@amy3bryan: we did an RSVP… sent out in sept, our destination wedding is in may. did this bc our reception venue can only hold 100 guests, so needed a soft count of how many people would consider coming. did not send blank stamped response envelopes with it… signed up with splashthat.com to create rsvp response site. worked great.
we know decisions could change by the time wedding gets closer, but at least we know the # of guests we are looking at (we told them we would be contacting them in march to get confirmation of their answer). so, we have a max # guest list and min # guest list.
Post # 11
I wouldn’t bother sending RSVPs. A year out, most people don’t know what they’re going to be doing.
My best friend is getting married next year, but I’ll also be starting a brand new job just a month or so before. I’m assuming I’ll still be able to go, but I may not be able to be at rehearsal, depending on my vacation time. So I would be annoyed if someone wanted an RSVP a year in advance, because I have no idea what my demands of my new job will be yet, amount of time I’ll have free to travel, etc.
Post # 12
No, it’s inappropriate to ask for the RSVP that soon. A STD is not an invitation.
Post # 13
Thank you all so much for your input! We’ll be sending out our save the dates and have the parents feel out the situation. I just have NO IDEA how many people would be coming in from out of town. I’m trying to narrow it down to figure out if I should include them at the rehearsal dinner or if it should just be the bridal party. My Future Mother-In-Law wants a head count and I have no idea who would or wouldn’t make the trip.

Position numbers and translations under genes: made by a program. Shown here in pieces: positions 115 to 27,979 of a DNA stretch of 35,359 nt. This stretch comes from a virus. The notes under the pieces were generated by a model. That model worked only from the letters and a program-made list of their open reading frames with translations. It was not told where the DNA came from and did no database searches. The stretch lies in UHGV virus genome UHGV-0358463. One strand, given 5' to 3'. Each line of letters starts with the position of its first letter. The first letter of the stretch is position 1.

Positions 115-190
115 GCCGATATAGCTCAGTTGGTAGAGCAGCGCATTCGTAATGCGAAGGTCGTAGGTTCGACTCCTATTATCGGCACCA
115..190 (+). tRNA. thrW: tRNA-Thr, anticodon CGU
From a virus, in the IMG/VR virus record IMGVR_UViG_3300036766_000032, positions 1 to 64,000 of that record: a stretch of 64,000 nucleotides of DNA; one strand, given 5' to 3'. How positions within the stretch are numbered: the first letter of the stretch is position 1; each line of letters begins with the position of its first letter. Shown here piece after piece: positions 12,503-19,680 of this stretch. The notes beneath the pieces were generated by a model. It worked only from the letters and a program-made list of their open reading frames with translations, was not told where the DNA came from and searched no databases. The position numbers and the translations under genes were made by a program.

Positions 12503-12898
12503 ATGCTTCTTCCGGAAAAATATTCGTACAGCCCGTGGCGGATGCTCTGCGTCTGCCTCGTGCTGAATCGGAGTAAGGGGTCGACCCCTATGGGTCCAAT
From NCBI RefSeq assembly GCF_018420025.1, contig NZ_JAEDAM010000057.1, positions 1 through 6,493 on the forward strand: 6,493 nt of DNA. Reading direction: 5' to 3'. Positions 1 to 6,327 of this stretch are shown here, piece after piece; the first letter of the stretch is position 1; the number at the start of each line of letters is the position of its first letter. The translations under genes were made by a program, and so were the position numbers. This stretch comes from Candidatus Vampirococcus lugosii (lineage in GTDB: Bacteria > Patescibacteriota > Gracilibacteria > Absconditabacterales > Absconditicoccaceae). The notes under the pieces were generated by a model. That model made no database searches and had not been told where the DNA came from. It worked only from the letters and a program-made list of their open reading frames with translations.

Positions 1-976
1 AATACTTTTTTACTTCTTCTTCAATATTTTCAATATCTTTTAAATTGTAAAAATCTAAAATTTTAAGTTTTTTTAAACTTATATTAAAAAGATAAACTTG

Post # 14
@amy3bryan: I’m in the same boat. I live in FL, but my entire family and many close friends live in Missouri. I have no idea how many of them are going to be able to make the trip.
Here’s what I’m doing.
I put my mom in charge of getting a feel for the family invites, and I have a pretty good idea of who is going to come. I have mentioned it to all of my friends that are not part of the wedding party to at least get the word out. I’m sending out save the dates in January.
As much as I hate to admit it, I have sooo many Out of Town invites I am running an A and B list so I can invite others in their place if they are unable to travel. That’s a story for another thread lol.
Post # 15
@partyplanner83: That sounds perfect! I know the whole A-list and B-list dilemma- I think I’m going to end up doing the same! Thank you so much for your help!
Post # 16
- Wedding: July 2012 - Baltimore Museum of Industry
Keep the rehearsal dinner to the bridal party and immediate family. If you check out the etiquette gurus (Emily Post), you’re not required to invite every out of town guest- that will keep it much simpler. Out of Town guests could be coming in the day of the wedding, for example- too much to coordinate. You could always do a day after brunch at the hotel, if you want to do something else for them, which could be pulled together after you get the rsvps.
As far as room blocks- the 10% regrets is a good gauge. Most hotels will let you reserve a block and adjust closer to the date if needed.